Print books, ebooks, book apps – what is a book? WENDY SMITH takes a quick trip back in time to follow the evolution of the book, before looking at what a book is and could be in 2014 and beyond.
Up until quite recent times, if I had said the word ‘book’, pretty much everyone would have pictured words printed in ink on paper pages.
This has been the same since books were first mass produced on the first movable type printing presses – books like the famous Gutenberg Bible which dates back to the 1450s. Prior to that, in the western world anyway (the Chinese were ahead of the game when it came to printing) books could only be found in the possession of the wealthy elite or in the libraries of monasteries, where the parchment pages were painstakingly hand copied by monk scribes.
In 2014, the story has changed dramatically!
Just recall the ‘books’ you have read during the last year and think about how the people around you refer to their reading matter.
Have you heard someone mention the paperback they threw into their bag to enjoy on a weekend away? Or was it a Kindle, a Kobo, a Nook, a Sony, an iPad or a tablet? Or maybe a phablet (a cross between a phone and a tablet) or an iPhone or Smartphone?
It wasn’t too long ago when paperback or hardcover were the only options to consider when publishing a book. Whereas now you may be offered epub, mobi and assorted other ebook formats, or perhaps a book app for Android and/or Apple devices. It is mind boggling!
And what is an ebook (or an eBook or an e-book)? Yes, it is an electronic book – a book that you read on an electronic device – but no longer is a book limited to words and images on a page. Within the pages (a term I use loosely) of your book, you can now embed video and audio and hyperlinks to external websites and web apps, and for book apps you can program your apps to do pretty much anything that the device on which it is running will allow.
In a fiction book, you could let your reader decide on settings and characters and plot pathways and even how the story ends. For non-fiction books, your reader could personalise their reading experience and maybe restrict the content they see to that which relates to them, dependent upon an array of variables such as their location (based on GPS), their preferences and customised settings, their gender and age, and even their likes and dislikes. A book app could interact with your website or other sites and even make a booking, or order or download information or products. The possibilities are endless!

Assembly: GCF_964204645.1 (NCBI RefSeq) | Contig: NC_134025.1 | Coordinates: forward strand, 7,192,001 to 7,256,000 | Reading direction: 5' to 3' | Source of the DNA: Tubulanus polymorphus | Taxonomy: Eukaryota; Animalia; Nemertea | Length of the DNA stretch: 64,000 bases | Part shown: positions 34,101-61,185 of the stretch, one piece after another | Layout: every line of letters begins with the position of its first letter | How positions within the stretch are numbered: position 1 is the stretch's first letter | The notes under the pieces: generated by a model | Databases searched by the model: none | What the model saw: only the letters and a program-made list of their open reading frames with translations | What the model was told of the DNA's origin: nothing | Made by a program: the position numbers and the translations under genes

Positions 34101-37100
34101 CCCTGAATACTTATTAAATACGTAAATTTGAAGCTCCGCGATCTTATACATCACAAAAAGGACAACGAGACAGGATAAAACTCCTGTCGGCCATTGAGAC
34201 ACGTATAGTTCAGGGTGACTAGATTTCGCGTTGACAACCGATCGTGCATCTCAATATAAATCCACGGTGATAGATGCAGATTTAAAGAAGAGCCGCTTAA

How does this apply to you as a business woman?
There is the potential for you to use some of this new book technology to create something extraordinary to promote you and your business and it is important to know what is possible, and to dream.
But a word of warning, for those of you who were around at the time, think back a few years to the early days of the world wide web when new versions of web browsers were released with new features and capabilities.
Can you recall the mostly text-based websites that morphed into monstrosities with neon coloured backgrounds, flashing text, scrolling banners and horrendous soundtracks that woke up the whole office when you unwittingly ventured onto the page? Why did the webmasters subject poor unsuspecting web surfers to those horrors? Because they could! Often, there was no good reason for it, they just wanted to play with the new toys in their toy box.
Were all those bells and whistles helpful? Or were they mostly annoying and cringe worthy and likely to drive you off the webpage as quickly as possible?
Yes, multimedia and fancy features do have their place and can be fantastic when used appropriately. But when used inappropriately they can do more harm than good, and they can distract your “reader” from the message you are trying to communicate.
Less is more!
Sometimes, less is indeed more – this is not an empty cliché, it is reality. It may be appropriate and more powerful to simply have words on a page – yes, just like a book really!
Don’t forget, there is also the option to create multiple different versions/editions of your book:
A print book (paperback and/or hardcover)
An ebook (in multiple ebook formats)
An audio book
A book app
Foreign language translations of any of the above
So, what is a book to you? What kind of book would you like to write and how would you like to present your story or message to your readers?
Sure, dream big, but don’t get distracted or overwhelmed by the rapid changes in technology or the vast array of options available. Remember, even Neil Armstrong started with baby steps down here on planet Earth – so how about you start with something simple and put a few words down on a page.